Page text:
Category: restoration of forest groves


By Sriya Narayanan

Once a sparkling village bustling with biodiversity and economic activity, Nenmeli in Kanchipuram, Tamil Nadu, had watched its green cover fade over the years.

The village lands deteriorated over time

A grueling water scarcity issue followed. Young residents were forced to migrate to cities to look for work and the elderly stayed behind. Over time, the hill and the land near the village became barren. “What was a hundred acres came down to two or three acres,” says Dr Sudhakar, Director, CPR Environmental Education Centre.

Dr Sudhakar with folk art

Dr Sudhakar, who has been coordinating efforts to restore groves such as these since 1993, explains that many villages in South India have a tradition of demarcating specific forests as divine, particularly those attached to temple land, in order to safeguard the wildlife and trees, while also ensuring the ecological balance of the area. “In fear and favor of God,” he says, adding that the religious attachment is far more than mere symbolism, but a way to protect a precious ecosystem by tying it into practices that eventually become a way of life.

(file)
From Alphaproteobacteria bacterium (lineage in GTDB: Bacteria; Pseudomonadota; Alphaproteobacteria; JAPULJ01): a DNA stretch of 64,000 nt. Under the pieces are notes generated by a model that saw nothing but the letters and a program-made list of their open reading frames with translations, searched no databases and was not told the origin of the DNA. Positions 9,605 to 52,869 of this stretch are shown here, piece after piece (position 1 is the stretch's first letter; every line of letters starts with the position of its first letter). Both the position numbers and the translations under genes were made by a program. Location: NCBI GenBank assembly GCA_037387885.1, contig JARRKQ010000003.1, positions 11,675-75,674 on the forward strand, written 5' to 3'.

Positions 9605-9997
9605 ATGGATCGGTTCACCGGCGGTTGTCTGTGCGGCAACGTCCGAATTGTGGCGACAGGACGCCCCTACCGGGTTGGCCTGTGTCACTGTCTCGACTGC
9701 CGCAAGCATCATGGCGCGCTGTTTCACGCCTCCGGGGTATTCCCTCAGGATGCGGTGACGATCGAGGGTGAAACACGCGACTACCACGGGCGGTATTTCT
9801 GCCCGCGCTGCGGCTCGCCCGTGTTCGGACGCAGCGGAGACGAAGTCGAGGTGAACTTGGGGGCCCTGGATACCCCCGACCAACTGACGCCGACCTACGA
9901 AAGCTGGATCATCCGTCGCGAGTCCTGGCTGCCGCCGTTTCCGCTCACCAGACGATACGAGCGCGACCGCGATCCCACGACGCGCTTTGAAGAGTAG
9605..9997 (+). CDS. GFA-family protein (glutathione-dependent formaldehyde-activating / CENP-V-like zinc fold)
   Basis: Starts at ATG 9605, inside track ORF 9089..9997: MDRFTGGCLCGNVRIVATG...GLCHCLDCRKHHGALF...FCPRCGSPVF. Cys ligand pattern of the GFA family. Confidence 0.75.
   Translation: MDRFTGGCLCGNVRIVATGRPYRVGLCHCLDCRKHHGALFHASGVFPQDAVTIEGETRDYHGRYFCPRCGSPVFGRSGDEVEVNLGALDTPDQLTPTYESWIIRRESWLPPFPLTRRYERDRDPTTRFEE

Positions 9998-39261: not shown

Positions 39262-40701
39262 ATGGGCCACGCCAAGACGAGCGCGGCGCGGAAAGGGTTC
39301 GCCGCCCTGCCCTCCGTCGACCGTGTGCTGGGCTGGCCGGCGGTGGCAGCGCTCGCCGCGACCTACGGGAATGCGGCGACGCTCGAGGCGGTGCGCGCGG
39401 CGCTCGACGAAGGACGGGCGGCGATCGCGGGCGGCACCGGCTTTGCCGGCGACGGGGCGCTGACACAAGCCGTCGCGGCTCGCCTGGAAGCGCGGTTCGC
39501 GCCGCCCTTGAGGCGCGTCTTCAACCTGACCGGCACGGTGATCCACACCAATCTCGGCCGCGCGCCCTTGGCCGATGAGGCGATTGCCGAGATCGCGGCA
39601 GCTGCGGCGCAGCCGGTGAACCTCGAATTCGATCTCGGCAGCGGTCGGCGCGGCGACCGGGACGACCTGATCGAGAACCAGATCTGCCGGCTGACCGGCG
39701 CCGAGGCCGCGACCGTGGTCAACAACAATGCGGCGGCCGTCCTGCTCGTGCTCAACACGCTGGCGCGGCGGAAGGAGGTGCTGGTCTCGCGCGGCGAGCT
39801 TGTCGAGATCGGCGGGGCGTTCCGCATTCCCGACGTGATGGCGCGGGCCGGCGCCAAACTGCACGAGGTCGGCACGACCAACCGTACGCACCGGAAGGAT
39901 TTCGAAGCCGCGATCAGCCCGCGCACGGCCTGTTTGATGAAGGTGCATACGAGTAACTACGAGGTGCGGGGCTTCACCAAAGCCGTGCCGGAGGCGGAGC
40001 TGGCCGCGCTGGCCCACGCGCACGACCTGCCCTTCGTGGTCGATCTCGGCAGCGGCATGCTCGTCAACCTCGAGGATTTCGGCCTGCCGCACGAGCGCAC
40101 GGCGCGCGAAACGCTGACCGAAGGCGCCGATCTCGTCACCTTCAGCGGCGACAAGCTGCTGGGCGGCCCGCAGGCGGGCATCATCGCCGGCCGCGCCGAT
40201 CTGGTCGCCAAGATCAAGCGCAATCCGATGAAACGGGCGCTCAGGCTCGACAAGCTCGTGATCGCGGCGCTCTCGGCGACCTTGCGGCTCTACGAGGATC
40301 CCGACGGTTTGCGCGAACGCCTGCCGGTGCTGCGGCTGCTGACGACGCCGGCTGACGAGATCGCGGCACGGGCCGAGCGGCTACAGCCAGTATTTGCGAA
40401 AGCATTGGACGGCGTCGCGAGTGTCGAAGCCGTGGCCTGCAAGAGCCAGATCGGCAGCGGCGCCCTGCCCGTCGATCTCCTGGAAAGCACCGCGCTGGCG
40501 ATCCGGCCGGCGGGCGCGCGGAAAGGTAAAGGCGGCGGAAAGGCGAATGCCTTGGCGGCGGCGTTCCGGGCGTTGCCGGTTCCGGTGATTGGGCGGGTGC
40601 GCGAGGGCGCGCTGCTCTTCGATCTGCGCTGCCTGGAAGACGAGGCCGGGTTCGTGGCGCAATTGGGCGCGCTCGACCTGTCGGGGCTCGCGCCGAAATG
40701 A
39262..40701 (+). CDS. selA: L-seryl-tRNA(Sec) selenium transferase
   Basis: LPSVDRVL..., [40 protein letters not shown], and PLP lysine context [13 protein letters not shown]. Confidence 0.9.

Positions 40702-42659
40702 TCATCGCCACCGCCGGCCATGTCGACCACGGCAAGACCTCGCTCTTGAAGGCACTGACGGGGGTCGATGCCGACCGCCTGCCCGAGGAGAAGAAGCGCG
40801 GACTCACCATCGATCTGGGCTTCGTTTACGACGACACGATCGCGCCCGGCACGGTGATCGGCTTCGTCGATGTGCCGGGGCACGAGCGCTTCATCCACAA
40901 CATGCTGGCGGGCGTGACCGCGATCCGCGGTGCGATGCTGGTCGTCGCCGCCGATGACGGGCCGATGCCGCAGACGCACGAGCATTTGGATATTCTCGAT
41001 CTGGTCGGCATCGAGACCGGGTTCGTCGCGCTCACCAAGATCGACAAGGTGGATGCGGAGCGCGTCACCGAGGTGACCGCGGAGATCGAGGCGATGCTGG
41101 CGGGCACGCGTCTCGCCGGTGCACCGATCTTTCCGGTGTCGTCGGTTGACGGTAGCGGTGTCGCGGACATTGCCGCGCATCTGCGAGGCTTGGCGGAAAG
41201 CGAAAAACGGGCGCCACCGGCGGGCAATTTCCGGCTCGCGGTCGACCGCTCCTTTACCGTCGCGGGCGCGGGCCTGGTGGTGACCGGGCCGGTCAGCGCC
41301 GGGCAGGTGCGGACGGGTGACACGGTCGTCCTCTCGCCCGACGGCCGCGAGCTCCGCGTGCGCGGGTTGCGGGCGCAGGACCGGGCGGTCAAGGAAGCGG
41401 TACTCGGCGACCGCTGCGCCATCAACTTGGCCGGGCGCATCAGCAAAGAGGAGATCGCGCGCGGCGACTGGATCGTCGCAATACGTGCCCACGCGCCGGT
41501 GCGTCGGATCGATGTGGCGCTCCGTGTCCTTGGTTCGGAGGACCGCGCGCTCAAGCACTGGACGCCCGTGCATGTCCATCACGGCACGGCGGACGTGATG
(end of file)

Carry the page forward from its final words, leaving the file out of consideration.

Over many years, Mr. R. Selvapandian of CPREEC (now retired) directly managed the work on the sacred groves, spending many months or years on each site, overseeing all aspects of the restoration from start to finish.

Mr. Selvapandian and Dr. Nanditha Krishna

Restoring the forests

In general, when CPREEC restores sacred forests, (they have so far restored 53 sacred groves), they rely on accounts from the village elders to be able to replant exactly the same trees that were there previously. However, in the case of Nenmeli, there was no living memory of the very ancient forest and the tradition of worship from the past. The degradation of the forest that had taken place over time had left a barren, lifeless hillside, surrounded by acres of land that had also deteriorated. The village leaders asked CPREEC to restore the ancient land, as closely they could, to what must have been there in the past, so that it could once again be a place of great beauty, peace, and spiritual connection.

A protective deity

It is common for villages to have a ‘kaaval deivam’ (Tamil for protective deity) that safeguards the village, and conduct annual festivals to worship and celebrate the deity. The village people feel enormous respect for their sacred groves. In reality, taking care of these groves is also an act of self-preservation, for there is a ripple effect in the way it sustains human well-being.